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Spotted Sea Trout with Worms

post #1 of 27
Thread Starter 
Looking for info on Spotted Sea Trout with worms. When do the fish have worms? And are they harmful? There are some nice fish all over the Indian River now, but I am reluctant to keep any due to this worm question.
post #2 of 27
They're called shark worms and they aren't harmful, but there's no way of knowing if a fish has them without killing it. That's why I haven't kept a trout in over a decade. Black drum and sheepshead also have them occasionally.
post #3 of 27
Also called Spaghetti worms...white in color and they are pretty easy to see,
just grab them and pull them out
or cook them with the fish...hell some people don't even bother pulling them out, because they have no taste..

No Human has ever die from eating one, if you really think about some of the
other crap we eat...these little worms are nothing

Needless to say i havent eaten too many fish from the drum family, and yes a trout belongs to the drum family
post #4 of 27
Generally the chance of getting one with worm is 50/50. I thought winter trout has no worms but I was wrong. They are still there but your chance of having a wormless fillet is better during the winter.
post #5 of 27
Thread Starter 
Guys, Thank you for your replies. You answered all my questions. I think I'll just have fun catching these babies, so long as I have other fish in my freezer.
post #6 of 27
I've caught black drum with those when I lived down there...and since I moved up to MA, I discovered cod can have these two...especially in summer months. Regarding the cod, mates on the boats say if you cook the fish with the worms still in them, they'll just evaporate.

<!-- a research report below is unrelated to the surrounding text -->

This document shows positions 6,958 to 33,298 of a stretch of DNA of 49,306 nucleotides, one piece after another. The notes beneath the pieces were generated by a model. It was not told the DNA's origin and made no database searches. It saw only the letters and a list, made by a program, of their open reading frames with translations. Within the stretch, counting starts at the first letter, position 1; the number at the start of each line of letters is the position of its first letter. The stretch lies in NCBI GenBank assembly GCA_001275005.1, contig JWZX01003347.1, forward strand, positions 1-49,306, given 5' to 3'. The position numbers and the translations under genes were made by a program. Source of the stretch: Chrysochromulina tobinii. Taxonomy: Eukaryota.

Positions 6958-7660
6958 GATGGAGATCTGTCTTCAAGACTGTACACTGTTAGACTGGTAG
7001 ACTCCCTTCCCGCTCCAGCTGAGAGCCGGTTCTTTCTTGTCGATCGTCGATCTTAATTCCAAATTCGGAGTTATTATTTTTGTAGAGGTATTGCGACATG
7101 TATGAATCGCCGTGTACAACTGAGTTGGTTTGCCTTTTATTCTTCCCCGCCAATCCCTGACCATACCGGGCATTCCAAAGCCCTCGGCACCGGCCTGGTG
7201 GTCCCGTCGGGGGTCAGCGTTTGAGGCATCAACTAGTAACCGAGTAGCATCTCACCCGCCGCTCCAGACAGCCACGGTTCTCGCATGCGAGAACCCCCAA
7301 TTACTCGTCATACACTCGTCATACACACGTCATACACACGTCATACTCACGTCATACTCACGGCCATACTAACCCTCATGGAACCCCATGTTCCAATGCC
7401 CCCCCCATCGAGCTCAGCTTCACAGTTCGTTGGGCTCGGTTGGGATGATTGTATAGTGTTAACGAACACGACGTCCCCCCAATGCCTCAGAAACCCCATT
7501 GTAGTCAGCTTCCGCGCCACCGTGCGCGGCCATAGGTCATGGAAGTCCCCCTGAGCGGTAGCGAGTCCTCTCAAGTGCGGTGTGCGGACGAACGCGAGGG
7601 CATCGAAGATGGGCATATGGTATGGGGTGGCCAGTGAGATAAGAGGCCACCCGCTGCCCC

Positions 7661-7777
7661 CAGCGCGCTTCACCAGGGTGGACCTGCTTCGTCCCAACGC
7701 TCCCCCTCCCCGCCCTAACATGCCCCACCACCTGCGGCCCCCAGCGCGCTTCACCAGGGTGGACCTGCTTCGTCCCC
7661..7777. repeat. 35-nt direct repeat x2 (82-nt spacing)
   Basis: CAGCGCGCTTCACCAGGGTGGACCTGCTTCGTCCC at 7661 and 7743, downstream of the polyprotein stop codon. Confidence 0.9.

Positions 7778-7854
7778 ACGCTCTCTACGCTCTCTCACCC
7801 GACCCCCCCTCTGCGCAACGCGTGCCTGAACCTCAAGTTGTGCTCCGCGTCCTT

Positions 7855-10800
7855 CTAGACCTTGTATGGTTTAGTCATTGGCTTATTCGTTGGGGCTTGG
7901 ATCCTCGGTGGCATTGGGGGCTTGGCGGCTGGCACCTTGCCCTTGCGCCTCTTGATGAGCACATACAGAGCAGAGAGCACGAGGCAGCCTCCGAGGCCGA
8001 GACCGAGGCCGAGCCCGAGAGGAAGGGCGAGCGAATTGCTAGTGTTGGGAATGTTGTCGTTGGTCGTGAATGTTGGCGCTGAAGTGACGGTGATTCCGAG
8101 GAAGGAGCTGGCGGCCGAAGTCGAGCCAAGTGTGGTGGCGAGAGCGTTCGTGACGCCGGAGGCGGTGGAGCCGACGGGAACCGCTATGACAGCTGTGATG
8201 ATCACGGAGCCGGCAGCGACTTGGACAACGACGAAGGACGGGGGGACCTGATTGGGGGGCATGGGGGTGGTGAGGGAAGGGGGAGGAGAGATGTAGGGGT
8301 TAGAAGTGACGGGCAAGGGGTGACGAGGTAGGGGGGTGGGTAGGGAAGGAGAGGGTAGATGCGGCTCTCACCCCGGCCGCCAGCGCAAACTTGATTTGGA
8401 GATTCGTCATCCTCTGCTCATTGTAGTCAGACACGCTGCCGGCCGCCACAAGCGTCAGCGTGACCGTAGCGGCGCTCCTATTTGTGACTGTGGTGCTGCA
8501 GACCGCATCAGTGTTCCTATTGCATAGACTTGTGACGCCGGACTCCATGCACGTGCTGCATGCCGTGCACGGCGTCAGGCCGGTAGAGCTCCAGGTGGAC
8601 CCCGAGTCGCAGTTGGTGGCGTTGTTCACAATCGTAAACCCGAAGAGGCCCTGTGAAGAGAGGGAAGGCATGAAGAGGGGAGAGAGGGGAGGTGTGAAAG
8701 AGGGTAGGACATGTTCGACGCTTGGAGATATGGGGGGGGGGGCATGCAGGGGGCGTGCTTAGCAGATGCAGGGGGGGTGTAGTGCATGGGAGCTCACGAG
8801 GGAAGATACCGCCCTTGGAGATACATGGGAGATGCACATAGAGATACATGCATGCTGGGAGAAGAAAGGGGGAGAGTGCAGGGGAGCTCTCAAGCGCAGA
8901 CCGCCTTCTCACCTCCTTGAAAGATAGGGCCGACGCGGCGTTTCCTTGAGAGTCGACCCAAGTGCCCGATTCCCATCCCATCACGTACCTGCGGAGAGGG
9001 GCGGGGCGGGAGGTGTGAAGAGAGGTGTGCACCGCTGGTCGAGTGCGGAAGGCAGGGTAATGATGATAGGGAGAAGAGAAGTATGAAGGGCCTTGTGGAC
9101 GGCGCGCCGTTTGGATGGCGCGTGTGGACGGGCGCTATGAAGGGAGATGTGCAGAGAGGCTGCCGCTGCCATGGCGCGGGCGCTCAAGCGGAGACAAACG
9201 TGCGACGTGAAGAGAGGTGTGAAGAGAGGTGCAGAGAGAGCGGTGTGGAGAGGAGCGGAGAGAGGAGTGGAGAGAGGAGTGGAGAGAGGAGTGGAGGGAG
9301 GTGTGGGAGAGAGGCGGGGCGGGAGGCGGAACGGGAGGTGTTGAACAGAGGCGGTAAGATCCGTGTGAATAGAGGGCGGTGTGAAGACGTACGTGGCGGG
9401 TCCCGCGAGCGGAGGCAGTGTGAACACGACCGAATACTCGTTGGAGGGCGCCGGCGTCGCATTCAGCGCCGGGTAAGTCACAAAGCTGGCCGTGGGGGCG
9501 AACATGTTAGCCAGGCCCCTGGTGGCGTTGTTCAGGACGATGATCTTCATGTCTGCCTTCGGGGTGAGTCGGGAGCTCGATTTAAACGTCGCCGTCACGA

As a side note, too bad they don't offer the same effects as tequilla worms
post #7 of 27
When I went black drum fishing one time, four of us caught total 16 of them. And every 1 of 4 drums had so many worms that literally it will make you puke....

When I found one or two, I just pulled them out of fillet and ate them but when a whole fillet is filled with those spaghetti worms, I just threw that fish away... I mean I know the spaghetti worms dont cause harms on human but it seriously looked really really....uh...Nasty....

Ok so my opinion is if there are only few of them, just pulled them out like Drako said. Its fine. But if a fish is literally filled with those worms, I would say throw it away... It will make you lose your appetite...

Hope this helped.
post #8 of 27
Not to say trout/ reds in this area do not have worms, no one has reported any thing, will contact a few on local web site and get back on this
post #9 of 27
Last year I decided to try one. Poor thing was infested with worms. I wont be doing that anymore.

Amberjack have them on occassion as well.
post #10 of 27
Talked with Couple Guides and they state No Problem in eating them ,like said 50/50 I would go for it myself
post #11 of 27
Quote:
Originally Posted by Terogator View Post
Last year I decided to try one. Poor thing was infested with worms. I wont be doing that anymore.